January saw house prices increase 1.3%, pushing property values to within touching distance of the 2007 peak of £181,101.
According to the Land Registry, the gain was the largest recorded since July 2014 and goes against the recent trend of subdued price growth, albeit with considerable regional variation.
The average price for a property in England and Wales now stands at £179,492, representing an annual increase of 6.7%, down from 8.2% achieved in August last year.
Prices increased by the most in the north-west of England, rising by 2.6% in January, while in the south-west and south-east, gains were also above the national average of 1.5% and 1.4% respectively.
Property price declines were recorded in Yorkshire and Humber where the average price of a home fell 1.5% in January, with London and the north-east recording the same dip in value of 0.2%.
Despite the overall slowdown of the UK's housing market towards the end of 2014, transaction volumes increased indicating a slow-down at the luxury end of the market. An average number of 79,549 transactions were recorded each month between August and November compared with 77,694 per month for the same period in 2013.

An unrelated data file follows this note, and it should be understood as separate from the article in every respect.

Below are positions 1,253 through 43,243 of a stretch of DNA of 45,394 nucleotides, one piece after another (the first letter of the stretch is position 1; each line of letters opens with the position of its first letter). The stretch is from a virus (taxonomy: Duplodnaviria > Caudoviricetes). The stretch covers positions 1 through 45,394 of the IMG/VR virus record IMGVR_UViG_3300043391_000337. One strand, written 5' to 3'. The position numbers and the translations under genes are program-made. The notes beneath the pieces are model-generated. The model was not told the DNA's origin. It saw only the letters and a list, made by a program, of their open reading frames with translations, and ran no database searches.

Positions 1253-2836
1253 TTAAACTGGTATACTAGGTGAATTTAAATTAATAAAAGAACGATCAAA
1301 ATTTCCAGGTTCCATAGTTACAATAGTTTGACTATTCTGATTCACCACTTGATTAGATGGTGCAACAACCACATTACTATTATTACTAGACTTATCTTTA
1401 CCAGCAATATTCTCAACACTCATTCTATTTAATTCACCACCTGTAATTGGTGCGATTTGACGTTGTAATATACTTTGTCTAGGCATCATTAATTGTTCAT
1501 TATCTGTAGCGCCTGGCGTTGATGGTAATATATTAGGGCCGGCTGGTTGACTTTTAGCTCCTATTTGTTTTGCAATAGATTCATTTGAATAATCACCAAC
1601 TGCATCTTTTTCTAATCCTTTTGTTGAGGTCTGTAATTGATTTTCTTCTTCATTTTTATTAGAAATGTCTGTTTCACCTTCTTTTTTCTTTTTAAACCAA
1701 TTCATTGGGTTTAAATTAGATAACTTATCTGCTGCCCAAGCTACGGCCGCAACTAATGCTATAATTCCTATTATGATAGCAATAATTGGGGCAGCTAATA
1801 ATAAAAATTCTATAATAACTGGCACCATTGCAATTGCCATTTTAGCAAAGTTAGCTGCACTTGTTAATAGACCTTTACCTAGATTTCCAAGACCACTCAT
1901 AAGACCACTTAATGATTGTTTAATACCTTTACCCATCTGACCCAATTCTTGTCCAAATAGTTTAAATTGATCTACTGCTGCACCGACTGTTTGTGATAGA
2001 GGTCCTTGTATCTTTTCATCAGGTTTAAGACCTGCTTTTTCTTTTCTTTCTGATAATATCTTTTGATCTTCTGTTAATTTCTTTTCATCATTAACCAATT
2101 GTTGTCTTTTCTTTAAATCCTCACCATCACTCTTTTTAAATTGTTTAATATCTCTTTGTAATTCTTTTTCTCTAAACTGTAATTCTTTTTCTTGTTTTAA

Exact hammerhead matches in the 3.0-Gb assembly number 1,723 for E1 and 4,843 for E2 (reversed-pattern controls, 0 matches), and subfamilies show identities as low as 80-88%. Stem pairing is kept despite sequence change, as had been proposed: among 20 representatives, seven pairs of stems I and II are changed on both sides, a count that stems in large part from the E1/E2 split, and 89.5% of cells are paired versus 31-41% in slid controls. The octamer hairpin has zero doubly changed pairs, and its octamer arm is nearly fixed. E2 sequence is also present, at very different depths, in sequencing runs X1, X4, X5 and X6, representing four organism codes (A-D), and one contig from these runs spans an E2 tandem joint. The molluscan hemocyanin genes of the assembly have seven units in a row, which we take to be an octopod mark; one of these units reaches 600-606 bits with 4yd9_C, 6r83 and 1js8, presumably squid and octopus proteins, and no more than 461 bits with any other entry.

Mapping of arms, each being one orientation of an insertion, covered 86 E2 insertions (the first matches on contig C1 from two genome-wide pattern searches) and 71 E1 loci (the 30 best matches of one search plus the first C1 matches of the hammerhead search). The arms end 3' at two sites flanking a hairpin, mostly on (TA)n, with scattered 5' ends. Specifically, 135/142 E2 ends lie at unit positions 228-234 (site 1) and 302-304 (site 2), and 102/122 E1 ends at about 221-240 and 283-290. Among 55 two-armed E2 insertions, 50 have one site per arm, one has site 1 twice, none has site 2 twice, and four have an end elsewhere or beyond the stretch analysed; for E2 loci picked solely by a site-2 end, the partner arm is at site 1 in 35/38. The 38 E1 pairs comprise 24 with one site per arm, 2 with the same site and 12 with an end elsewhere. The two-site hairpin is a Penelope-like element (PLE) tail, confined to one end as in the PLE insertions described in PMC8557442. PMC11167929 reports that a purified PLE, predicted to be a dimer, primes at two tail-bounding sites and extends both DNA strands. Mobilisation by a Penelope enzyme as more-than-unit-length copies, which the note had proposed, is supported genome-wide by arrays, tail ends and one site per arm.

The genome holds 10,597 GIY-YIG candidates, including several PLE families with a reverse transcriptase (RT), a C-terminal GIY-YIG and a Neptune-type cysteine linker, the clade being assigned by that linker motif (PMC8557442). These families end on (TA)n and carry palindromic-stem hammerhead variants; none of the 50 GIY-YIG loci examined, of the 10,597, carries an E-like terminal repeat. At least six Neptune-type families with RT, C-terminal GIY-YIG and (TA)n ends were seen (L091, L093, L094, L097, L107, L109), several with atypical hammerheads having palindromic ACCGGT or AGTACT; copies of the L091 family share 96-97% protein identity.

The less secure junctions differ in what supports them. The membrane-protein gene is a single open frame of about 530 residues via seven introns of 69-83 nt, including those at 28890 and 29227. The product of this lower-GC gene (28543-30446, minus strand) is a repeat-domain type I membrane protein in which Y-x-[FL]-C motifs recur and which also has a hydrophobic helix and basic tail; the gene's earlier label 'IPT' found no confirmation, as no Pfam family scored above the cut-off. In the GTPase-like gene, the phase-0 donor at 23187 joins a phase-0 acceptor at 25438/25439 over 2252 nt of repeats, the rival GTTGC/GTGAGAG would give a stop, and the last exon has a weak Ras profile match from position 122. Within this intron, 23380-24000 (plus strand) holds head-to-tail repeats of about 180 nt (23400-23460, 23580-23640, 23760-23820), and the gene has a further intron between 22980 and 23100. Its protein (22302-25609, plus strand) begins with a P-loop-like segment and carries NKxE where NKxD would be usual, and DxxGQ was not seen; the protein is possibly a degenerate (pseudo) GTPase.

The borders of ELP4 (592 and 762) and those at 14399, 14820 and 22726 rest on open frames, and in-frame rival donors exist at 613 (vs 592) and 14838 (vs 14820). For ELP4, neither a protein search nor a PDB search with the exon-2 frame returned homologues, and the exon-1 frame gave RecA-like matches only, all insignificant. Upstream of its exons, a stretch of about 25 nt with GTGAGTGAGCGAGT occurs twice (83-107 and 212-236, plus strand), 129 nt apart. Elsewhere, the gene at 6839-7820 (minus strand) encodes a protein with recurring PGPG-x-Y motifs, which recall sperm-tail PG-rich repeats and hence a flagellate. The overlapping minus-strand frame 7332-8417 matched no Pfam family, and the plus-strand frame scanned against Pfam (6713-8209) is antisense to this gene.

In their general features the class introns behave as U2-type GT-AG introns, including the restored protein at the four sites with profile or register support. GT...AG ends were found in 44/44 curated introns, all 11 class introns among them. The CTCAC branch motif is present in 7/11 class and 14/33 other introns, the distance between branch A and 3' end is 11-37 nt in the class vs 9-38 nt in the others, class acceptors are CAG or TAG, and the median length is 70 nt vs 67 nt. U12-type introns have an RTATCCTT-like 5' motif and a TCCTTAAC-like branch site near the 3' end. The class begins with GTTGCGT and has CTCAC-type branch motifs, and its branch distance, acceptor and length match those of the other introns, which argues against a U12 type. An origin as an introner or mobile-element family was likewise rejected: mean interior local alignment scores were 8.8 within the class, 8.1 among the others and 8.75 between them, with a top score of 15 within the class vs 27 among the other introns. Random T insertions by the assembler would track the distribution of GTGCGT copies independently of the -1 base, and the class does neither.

The Land Registry provided further evidence that transaction activity in prime markets has slowed, reporting an 18% decline in the number of properties changing hands with price tags over £1m.
The decline was highlighted in London where sales of seven-figure properties fell 24% year-on-year.
Property economist at Capital Economics, Matthew Pointon said: "The month-on-month changes tend to be quite volatile but the underlying rates have picked up a bit recently. While it is too early to say for sure, that could reflect the reform to Stamp Duty. In any event, a strong economic backdrop and record low mortgage rates are both supporting house price growth".